So what steps did Jeb take to end Florida's control over education? The only real monopoly is one that exists by force, and as Florida was taking money from it's residents to subsidize it's education at the expense of anyone who wanted to try to compete and determining who was allowed to operate an education organization within it's boundaries, I would say that's a monopoly.

  • cynical||

    "His first year in office he created a program that offered vouchers to students in failing schools. The program boosted student achievement until it was struck down by the Florida Supreme Court in 2006."

    Did you go to school in Florida?

  • ||

    Offering vouchers is still government control to me, perhaps you differ in this? Did he work to amend Florida's constitution to restore control to the people?

  • sevo||

    Len|4.20.11 @ 9:50PM|#
    "Offering vouchers is still government control to me, perhaps you differ in this?"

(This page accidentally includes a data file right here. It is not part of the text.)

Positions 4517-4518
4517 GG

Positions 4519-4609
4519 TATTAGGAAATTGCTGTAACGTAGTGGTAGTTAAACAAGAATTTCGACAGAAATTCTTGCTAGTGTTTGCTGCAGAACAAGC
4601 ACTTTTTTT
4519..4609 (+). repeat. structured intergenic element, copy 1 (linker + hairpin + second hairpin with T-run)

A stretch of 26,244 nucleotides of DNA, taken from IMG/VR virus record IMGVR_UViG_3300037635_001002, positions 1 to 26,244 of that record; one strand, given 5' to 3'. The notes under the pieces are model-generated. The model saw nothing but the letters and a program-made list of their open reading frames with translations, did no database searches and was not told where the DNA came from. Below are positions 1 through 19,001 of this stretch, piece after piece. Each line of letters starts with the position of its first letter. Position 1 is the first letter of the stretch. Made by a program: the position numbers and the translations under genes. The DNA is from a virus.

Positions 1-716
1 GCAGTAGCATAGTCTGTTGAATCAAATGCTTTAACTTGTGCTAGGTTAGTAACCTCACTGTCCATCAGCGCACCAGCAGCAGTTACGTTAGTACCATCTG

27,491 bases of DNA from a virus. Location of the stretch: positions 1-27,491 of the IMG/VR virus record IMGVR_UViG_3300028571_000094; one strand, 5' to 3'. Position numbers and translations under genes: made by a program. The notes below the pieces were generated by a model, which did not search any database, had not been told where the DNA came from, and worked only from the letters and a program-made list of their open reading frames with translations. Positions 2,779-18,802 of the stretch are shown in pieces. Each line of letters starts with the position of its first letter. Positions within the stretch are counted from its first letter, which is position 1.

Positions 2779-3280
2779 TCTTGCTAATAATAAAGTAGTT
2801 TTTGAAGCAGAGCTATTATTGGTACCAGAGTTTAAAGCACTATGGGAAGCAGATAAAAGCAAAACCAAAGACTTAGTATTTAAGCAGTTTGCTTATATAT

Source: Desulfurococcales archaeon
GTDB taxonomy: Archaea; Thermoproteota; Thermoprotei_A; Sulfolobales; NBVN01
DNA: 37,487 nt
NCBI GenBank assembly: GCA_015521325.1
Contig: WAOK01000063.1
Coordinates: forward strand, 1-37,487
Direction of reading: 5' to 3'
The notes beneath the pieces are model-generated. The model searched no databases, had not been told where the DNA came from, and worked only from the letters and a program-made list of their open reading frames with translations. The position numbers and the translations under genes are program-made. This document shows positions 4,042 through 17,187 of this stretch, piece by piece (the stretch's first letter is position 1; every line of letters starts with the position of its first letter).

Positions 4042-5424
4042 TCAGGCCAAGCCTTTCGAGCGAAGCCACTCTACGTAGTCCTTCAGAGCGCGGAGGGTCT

I do.
    At least vouchers allow parents to spend the money where they wish rather than where the teachers' unions wish.
    It's not perfect; the money is still taken by force, but the 'customers' have some control over the spending.

  • ||

    Parents and students aren't "customers." Education is a social necessity, not a for-profit industry. Attempts to privatize are based in trying to steal perceived power, not trying to "change the structure." Let's not kid ourselves. Corporate analogies hold no water when applied to public education. A more accurate analogy would be "student as an employee who cannot be fired."